Plant Trees Where They're Needed Most
Plant Trees Where They're Needed Most
Plant Trees Where They're Needed Most
Plant Trees Where They're Needed Most
Plant Trees Where They're Needed Most
Plant Trees Where They're Needed Most
Plant Trees Where They're Needed Most
Plant Trees Where They're Needed Most
Plant Trees Where They're Needed Most
Plant Trees Where They're Needed Most
Plant Trees Where They're Needed Most

Plant Trees Where They're Needed Most

As the need for reforestation is global and ever-changing, we feature where trees are most needed now. For Treecember, we're planting trees that support a global forest fire recovery fund. Learn more

With your help, we will:

  • Reforest lands damaged by record-setting fires
  • Support healthy habitat for iconic biodiversity
  • Plant tree species that will help reduce future fire impact
  • This holiday season, we’re planting trees in areas around the world that have been severely affected by forest fires and aren't able to recover a healthy ecosystem on their own. The most common naturally-caused wildfires occur during droughts or dry weather, and under these circumstances, trees and other vegetation are converted to flammable fuel. Human-caused forest fires can be a result of various activities like unregulated slash and burn agriculture, equipment failure or engine sparks, and discarded cigarettes.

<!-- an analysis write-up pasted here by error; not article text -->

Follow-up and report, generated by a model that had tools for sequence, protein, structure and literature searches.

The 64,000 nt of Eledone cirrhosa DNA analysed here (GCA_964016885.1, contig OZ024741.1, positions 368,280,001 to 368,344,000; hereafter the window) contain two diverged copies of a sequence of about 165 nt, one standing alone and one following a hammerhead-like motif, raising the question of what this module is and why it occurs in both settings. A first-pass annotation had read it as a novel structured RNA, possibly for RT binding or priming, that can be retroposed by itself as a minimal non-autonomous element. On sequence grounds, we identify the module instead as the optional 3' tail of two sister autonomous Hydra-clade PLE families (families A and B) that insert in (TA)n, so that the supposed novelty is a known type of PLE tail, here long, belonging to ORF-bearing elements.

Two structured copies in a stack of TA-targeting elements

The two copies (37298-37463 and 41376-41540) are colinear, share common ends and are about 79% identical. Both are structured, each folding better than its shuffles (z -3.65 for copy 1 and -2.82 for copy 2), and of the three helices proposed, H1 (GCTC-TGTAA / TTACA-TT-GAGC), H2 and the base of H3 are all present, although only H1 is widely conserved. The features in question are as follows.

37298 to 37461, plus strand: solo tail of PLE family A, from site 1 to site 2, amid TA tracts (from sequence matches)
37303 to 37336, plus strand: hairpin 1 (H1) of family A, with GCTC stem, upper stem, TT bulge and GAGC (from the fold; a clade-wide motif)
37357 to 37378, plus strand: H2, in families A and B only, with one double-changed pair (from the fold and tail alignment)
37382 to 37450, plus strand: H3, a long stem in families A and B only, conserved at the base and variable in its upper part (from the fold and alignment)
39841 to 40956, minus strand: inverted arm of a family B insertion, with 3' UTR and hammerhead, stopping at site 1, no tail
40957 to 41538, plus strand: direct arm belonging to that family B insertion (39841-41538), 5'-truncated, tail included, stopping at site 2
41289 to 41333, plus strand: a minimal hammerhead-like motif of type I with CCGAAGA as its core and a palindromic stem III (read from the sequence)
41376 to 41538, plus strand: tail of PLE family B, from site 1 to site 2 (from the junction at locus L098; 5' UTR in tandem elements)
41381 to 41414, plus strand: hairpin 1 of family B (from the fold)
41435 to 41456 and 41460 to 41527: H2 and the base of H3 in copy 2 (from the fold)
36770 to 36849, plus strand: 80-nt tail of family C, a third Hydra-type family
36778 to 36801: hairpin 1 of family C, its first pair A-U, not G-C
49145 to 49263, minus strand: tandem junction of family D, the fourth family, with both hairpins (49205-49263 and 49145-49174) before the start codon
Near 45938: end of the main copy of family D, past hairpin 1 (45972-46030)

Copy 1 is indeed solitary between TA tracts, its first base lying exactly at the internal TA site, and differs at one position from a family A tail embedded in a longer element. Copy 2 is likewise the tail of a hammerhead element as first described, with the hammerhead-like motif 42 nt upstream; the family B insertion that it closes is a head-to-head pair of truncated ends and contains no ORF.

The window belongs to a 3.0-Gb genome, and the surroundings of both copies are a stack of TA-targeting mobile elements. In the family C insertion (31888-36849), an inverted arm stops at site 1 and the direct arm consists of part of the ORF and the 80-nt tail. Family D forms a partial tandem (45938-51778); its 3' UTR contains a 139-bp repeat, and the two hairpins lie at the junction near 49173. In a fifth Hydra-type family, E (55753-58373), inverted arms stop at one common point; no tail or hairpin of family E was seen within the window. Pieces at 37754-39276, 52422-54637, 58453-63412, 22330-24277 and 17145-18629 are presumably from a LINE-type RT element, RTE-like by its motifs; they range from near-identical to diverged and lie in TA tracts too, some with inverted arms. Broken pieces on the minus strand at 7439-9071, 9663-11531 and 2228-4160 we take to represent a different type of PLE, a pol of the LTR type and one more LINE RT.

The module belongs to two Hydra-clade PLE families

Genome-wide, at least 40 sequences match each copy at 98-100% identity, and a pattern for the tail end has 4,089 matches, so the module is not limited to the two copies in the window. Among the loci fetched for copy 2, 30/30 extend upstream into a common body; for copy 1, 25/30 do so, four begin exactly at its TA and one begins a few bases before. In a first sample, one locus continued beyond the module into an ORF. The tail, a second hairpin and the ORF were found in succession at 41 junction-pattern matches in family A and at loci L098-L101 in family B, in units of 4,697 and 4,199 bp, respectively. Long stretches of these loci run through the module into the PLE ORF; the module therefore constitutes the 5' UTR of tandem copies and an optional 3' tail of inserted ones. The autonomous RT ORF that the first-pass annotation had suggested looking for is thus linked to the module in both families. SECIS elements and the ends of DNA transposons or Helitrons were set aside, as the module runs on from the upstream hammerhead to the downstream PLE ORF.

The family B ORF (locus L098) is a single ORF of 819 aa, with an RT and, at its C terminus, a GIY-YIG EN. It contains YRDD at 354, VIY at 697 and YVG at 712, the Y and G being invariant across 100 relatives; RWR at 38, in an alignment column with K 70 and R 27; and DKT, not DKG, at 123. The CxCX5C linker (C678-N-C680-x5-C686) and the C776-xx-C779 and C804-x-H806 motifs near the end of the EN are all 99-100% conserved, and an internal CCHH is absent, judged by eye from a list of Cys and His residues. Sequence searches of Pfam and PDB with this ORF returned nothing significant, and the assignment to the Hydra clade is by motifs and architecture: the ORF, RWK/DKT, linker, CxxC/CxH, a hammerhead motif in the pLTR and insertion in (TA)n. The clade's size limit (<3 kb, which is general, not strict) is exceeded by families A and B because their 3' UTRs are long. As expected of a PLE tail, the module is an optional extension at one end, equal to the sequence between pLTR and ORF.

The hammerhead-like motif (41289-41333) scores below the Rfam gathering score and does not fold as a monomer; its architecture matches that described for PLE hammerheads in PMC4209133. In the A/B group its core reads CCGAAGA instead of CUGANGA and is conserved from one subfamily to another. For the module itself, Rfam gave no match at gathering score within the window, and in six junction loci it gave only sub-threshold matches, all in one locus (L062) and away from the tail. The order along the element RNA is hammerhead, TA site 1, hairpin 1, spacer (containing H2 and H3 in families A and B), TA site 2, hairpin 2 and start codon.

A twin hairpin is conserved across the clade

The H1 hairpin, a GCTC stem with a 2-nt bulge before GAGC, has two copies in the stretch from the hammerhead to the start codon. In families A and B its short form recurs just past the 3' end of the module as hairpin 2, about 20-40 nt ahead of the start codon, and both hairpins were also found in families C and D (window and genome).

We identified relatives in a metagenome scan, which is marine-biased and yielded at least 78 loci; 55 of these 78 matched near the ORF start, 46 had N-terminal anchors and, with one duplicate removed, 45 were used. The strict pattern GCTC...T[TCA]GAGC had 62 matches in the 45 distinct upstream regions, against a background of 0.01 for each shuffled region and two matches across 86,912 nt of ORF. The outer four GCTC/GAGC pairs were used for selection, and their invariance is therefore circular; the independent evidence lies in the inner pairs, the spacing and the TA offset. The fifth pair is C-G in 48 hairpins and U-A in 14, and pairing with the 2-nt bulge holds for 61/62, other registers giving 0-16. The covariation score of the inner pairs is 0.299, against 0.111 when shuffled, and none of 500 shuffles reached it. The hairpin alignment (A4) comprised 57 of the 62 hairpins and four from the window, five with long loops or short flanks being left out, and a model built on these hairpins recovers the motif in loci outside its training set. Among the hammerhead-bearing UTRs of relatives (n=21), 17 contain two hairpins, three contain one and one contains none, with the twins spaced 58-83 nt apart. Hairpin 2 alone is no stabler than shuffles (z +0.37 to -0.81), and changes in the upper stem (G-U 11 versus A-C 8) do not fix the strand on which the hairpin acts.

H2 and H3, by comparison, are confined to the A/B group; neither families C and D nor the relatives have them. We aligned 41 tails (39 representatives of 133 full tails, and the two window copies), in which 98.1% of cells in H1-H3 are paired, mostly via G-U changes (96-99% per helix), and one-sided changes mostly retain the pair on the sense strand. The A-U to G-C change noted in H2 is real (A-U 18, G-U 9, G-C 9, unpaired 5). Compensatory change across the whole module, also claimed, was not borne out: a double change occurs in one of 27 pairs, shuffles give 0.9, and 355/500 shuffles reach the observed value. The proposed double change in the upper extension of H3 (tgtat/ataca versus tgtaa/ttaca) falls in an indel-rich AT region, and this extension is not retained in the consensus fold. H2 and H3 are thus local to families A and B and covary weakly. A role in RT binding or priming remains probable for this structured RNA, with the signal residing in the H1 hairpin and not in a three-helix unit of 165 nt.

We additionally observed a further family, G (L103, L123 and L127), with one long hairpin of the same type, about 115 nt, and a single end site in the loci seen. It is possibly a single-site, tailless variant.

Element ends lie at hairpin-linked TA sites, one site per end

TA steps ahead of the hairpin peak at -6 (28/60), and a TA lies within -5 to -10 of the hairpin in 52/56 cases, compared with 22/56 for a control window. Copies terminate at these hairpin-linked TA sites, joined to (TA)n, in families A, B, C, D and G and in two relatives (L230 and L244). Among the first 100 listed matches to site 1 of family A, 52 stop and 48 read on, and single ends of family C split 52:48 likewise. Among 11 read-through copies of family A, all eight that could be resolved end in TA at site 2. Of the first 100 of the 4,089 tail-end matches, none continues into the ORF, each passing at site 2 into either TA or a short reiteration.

After wildfires, reforestation is essential in areas where the fire intensity burned off available seed supply within the soil, and/or where there are not enough healthy trees still growing and producing new seeds nearby. Reforestation starts once professional assessments have been made to determine where human intervention would be the most ecologically beneficial. Help restore these vital ecosystems by planting a tree. 🌿
  • Every year, forest fires are increasing in size and severity, damaging vital ecosystems and creating a need for millions of trees. Some major consequences of forest fires include significant loss of wildlife, loss of vegetation, soil erosion, air pollution, and greenhouse gas emissions.

    With so much fire damage, reforestation is essential to catalyze the environmental recovery process. The trees are carefully planted to prevent invasive species from colonizing burn scars and restore quality habitat for native biodiversity. One Tree Planted is connecting with on-the-ground partners to establish viable reforestation projects when the recently affected regions are ready for planting. This fund will contribute to planting projects in British Columbia, Idaho, Ghana, Portugal, and beyond. Let's get to work! 🌲
  • A personalized tree certificate (see gallery) to say thanks for your donation. We'll also send you updates about this project, so you can track the impact your trees are having on the community and environment.
  • To maximize the impact of your donation, our partners on the ground will determine the most appropriate species of tree and shrubs. We only plant native tree species that will restore the local ecosystem, re-establish wildlife habitat, and reduce the likelihood of future fires.